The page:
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When I thanked Franck, for at his expense facilitating this second view at his products in our pages -- it's not a burden we usually like to place on a manufacturer -- he surprised me. "With great pleasure. You are the first editor to have the courage to write about the resonator in the fridge. XX is scared to death to talk about it. YY is still trying to figure out how to write this thing. And the French guys here are completely out of the loop! Maybe it's because I'm Chinese. Having grown up in Buddhist countries, I learned to live with the force, not against it. That's clearly apparent with the resonators' performance."

The man was saying that the effects of his inventions properly placed were dead obvious. Why then reluctance in the media to give 'em a whirl? What could possibly be juicier than to take an outrageous claim by the horns and debunk it in public? It'd be quite the show. Talk of the town, bright lights on the heroic dragon slayer, another con artist busted. If, on the other hand, the claims proved out -- in obvious fashion no less -- then one would have learned something even more valuable and done the audiophile community at large a great service. Either way, our gig is about reporting news. Acoustic treatments the size of the palm of your hand and just as shallow are news. A maximum of nine such devices per listening room as the recommended usage to minimally impact domestic decors - that's news. I just don't get the hesitation or reluctance. As a news hound, how could one possibly lose out? One should feel attracted to this topic like bees to honey or flies to shyte - however this story would ultimately unravel for each investigator driven by curiosity.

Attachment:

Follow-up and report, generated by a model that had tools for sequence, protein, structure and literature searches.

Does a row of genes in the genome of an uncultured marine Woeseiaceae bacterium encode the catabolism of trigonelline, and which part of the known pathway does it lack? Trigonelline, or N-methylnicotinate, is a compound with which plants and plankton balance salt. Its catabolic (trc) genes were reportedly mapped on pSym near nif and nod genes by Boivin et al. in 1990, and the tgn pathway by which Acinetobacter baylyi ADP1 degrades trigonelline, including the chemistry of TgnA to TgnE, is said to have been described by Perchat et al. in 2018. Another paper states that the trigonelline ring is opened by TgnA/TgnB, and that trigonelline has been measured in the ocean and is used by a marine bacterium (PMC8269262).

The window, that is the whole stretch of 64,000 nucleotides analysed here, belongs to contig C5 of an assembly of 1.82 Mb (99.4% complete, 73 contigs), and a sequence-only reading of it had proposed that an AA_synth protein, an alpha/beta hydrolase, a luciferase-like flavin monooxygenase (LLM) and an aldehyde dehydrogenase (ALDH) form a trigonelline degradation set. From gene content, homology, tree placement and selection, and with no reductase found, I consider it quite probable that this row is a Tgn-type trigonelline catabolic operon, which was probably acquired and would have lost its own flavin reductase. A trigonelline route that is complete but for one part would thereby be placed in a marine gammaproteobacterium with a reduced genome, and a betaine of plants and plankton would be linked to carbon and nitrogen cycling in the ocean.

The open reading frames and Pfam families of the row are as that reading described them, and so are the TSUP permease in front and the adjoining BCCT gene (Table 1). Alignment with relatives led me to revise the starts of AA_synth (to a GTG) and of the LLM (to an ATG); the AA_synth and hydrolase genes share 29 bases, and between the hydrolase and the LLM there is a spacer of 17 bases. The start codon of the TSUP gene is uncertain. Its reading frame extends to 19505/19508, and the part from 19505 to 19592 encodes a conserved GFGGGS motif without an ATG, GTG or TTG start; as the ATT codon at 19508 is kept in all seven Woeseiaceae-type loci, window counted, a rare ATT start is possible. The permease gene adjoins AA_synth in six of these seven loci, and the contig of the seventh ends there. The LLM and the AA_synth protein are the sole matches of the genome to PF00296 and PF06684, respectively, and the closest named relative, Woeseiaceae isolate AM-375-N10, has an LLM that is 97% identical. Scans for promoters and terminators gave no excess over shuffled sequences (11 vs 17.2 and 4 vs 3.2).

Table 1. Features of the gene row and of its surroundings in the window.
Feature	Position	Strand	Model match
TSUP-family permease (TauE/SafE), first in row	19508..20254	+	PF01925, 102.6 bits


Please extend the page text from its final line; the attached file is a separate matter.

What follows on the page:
But back on course. The operative focus, as Franck put it, is "remembering that we're dealing with air". That puts it in place. Outside of a vacuum, air is everywhere. Every oxygen molecule is connected to every other oxygen molecule on the planet. It's the biggest circle jerk around. It immediately explains why resonators must have effects when placed outside the room. If you've ever dealt with acoustical consultant firms like Rives Audio on how to sound proof a room such that you can crank the shit out of your stereo while your toddler sleeps peacefully in the adjacent room, you already know how involved and expensive the cure can become. For starters, you must truly cut off any and all air exchange between that room and the rest of the home. Aircon ducts and heating vents, door and ceiling joists, door floor clearance and key holes, panel seams, in-ceiling light cans, electrical conduits - the list of sonic escape routes one must seal off tends to be a lot longer than apparent at first. Remember also that most seemingly solid walls are in fact quite lossy and permeable, especially at low frequencies where the bass could be louder outside than inside the room.